Tuesday, November 22, 2011
Thoughts: Rebecca by Daphne DuMaurier
In a previous post, I said I fell asleep while reading the first quarter of Daphne DuMaurier’s Rebecca two years ago. In the same post, I also admitted that I’m an uncultured Philistine (an uncultured Philistine? Talk about redundant) who feasts on babies for breakfast. Just kidding (about the Philistine part). I finished reading the book, and guess what? Rebecca didn’t make me want to stab my eye out with a plastic fork or do violent things to an already-dead author.
In fact, I kind of loved it.
Originally, I thought Rebecca was one of those books whose brilliance solely depends on its ‘shock’ factor, and, once again, the book proved me wrong. I looked up the ending halfway through the book, because I couldn’t stand the suspense anymore. (Damn you, Wikipedia, for encouraging my spoilertastic tendencies.) Even if I already knew the ending, I still stayed up until the wee hours of the morning and raced through the final half of the book. Yes, I knew what was going to happen, but I still had to know HOW IT WAS GOING TO HAPPEN. So, no, Rebecca’s brilliance doesn’t just depend on its completely heartrending ending. It can hold itself up with or without the shocktastic ending.
The unnamed narrator tells the story a couple of years after the events in the book transpire. After I finished reading the book, I immediately reread the first chapter to gain a little more insight on the characters. This particular method of storytelling made me think of all the things that we look back on with regret, the things we can never change. Words we could have said but clutched closer to our hearts instead, a street we could have crossed at a particular moment, or a door we shouldn’t have slammed shut.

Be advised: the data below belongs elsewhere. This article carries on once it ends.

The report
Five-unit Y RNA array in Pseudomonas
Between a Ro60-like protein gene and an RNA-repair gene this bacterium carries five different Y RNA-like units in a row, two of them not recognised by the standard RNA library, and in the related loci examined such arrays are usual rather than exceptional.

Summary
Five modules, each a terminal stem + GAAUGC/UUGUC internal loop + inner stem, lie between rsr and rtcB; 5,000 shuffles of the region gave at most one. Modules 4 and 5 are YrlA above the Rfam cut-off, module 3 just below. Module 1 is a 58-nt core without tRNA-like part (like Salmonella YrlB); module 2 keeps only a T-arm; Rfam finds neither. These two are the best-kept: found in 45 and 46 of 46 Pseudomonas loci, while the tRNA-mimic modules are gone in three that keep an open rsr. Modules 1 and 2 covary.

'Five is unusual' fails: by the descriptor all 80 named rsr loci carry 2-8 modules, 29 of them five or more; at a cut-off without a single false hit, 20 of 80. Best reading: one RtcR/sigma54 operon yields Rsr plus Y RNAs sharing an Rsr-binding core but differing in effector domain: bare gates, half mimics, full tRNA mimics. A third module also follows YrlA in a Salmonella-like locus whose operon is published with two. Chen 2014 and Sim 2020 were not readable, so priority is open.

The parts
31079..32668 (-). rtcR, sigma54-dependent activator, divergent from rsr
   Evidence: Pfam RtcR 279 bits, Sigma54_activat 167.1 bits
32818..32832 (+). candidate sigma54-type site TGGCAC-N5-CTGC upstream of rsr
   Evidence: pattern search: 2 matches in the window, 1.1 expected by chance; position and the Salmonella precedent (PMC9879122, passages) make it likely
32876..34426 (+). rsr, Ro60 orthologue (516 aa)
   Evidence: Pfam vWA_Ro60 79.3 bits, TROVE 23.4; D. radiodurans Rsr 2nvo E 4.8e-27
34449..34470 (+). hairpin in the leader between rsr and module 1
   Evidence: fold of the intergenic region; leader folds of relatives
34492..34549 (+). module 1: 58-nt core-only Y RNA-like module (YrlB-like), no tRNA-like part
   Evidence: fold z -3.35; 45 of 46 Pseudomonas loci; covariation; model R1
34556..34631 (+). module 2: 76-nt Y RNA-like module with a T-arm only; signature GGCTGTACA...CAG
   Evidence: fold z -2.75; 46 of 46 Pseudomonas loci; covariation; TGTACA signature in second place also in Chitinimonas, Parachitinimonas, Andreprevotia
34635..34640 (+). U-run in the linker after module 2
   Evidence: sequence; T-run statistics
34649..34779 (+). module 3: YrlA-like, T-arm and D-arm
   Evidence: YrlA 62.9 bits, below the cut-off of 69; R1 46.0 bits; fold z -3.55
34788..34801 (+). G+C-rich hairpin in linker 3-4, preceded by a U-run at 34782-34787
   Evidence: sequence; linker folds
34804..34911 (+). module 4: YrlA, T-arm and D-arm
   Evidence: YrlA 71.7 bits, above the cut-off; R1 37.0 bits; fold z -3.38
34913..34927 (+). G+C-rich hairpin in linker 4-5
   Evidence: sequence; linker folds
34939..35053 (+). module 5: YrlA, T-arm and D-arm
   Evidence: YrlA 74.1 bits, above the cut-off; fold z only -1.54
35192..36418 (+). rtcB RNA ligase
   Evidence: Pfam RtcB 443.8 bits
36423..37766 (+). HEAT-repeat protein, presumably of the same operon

This book actually made me cry. *HIGHLIGHT TO READ SPOILER.* That scene where Maxim actually tells the protagonist he loves her, and that he never loved Rebecca. Why did you tell her when you were about to get arrested, Maxim, why?!?!?!?! Sniff. Sniff. *END OF SPOILER.*
The writing was UH-MAZING—the perfect mix of beautiful and creepy. I don’t regret reading Jane Eyre before diving into this scrumptious masterpiece, but it wasn’t actually necessary. Maxim de Winter and Mr. Rochester are two different characters who are *ahem* hot in their own unique ways. Both are tortured and oh-so brooding, but the similarity ends there.
Rating: 8/5 I AM NOT KIDDING. THIS BOOK IS THAT GOOD.